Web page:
09-17-17 Sunday Sermon
First Congregational Church
September 17, 2017
15th Sunday after Pentecost
Matthew 18:21-35 & Romans 14:1-12
"Is Limitless Forgiveness Even Possible in Our World?"
Rev. Dinah Haag, preaching
This week I ran across a question that read, “Why is the number six so scared?” And the answer is “Because seven eight nine!” I also read that 6 out of 5 people have difficulty with fractions and that 63.7% of statistics are wrong. Upon further study, I discovered that math is made of 50 percent formulas, 50 percent proofs and 50 percent imagination. I also discovered that there are three types of people in the world, those who can count and those who can’t.
Numbers can be really frustrating and really fascinating. Balancing a checkbook can bring one to their knees in exasperation and contemplating the numbers that describe the universes can astound us. And then there’s the symbolism of numbers, particularly as it relates to Christianity.
The number one signifies unity; both the unity of God and the unity of members of the Church. The number three is a sacred number in Christianity as it represents the Trinity of Father, Son, and Holy Spirit. Four can represent the Four Evangelists (authors of the Gospels), the four corners of the earth, or the four seasons. Five symbolizes the five wounds Christ suffered on the cross (hands, feet, and side), and by extension represents sacrifice. Six represents creation, because God created in six days, or it represents imperfection, because it falls short of the perfect number seven.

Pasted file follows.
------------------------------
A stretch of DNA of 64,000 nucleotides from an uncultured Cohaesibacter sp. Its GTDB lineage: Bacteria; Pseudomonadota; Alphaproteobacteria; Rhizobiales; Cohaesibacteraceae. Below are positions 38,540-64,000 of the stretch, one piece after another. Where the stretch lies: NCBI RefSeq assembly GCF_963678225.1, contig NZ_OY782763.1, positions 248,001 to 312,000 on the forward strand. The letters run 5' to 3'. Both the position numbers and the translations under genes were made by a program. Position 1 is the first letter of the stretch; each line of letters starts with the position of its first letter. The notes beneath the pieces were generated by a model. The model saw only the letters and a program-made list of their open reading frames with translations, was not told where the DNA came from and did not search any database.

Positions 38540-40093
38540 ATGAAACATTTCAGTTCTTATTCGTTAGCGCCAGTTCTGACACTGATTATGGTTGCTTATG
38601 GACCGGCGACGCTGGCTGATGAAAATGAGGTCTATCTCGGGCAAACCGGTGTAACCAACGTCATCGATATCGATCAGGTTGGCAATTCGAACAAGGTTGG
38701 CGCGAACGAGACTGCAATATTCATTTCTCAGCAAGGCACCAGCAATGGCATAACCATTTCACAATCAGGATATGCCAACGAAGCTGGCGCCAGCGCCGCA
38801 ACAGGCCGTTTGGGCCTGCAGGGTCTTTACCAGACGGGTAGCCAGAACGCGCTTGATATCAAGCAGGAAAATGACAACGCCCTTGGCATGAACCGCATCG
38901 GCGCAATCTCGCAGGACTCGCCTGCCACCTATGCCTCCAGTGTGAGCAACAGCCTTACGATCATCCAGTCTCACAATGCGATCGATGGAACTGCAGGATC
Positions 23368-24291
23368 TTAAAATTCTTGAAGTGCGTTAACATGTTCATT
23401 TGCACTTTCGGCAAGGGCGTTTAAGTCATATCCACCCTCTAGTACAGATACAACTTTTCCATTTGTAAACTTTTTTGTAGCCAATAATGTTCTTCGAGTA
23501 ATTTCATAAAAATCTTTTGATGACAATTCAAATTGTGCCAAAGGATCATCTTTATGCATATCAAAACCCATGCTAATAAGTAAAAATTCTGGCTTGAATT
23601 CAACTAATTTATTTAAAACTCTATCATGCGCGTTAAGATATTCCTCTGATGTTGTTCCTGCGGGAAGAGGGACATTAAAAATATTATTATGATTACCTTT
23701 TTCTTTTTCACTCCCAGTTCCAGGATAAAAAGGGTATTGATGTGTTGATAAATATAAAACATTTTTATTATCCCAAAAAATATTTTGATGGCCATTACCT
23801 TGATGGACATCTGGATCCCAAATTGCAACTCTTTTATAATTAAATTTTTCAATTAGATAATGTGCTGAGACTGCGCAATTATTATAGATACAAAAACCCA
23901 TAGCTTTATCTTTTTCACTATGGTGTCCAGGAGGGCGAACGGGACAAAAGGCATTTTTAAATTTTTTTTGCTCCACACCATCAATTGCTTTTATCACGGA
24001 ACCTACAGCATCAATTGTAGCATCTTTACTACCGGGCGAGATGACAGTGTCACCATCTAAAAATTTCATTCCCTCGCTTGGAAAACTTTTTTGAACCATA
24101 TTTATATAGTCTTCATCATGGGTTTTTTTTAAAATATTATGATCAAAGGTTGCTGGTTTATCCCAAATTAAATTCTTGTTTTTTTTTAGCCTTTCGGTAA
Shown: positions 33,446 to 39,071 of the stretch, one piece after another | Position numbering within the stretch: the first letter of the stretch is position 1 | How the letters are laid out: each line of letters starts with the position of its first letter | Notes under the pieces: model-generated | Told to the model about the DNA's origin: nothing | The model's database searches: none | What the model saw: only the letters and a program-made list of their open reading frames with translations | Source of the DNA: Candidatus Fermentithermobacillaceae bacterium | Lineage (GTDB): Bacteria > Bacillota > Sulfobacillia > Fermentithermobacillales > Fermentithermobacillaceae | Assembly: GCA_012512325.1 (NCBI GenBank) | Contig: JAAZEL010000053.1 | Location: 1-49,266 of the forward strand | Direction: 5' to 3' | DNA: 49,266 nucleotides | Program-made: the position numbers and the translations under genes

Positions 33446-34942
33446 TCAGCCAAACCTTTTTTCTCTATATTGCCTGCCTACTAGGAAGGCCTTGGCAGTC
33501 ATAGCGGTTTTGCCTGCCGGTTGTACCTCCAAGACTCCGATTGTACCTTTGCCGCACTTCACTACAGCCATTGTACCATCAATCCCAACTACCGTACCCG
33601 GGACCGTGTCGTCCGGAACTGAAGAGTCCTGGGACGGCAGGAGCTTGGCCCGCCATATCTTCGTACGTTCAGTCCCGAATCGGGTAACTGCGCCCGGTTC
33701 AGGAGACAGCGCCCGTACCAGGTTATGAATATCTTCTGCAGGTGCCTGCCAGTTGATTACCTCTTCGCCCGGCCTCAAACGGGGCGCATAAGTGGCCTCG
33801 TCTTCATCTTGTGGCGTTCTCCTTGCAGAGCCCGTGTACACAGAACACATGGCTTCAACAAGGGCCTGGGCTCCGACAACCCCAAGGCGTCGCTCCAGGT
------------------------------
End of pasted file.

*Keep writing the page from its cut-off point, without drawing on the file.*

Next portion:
And then there is seven. Seven is the number of perfection. God rested on the seventh day, Paul lists seven gifts of the Spirit and Jesus spoke seven utterances from the cross. The number seven is especially prominent in the apocalyptic Book of Revelation, in which there are seven seals, seven churches and many other things numbering seven. Ten symbolizes completion, since there are Ten Commandments, Ten Plagues, etc. One hundred usually denotes completeness or plenitude, since it is ten times ten. And one thousand represents a very large number, infinity or eternity.
Then Peter came to Jesus and asked, “Lord, how many times shall I forgive my brother or sister who sins against me? Up to seven times?”
22 Jesus answered, “I tell you, not seven times, but seventy-seven times.
23 “Therefore, the kingdom of heaven is like a king who wanted to settle accounts with his servants. 24 As he began the settlement, a man who owed him ten thousand bags of gold was brought to him. 25 Since he was not able to pay, the master ordered that he and his wife and his children and all that he had be sold to repay the debt.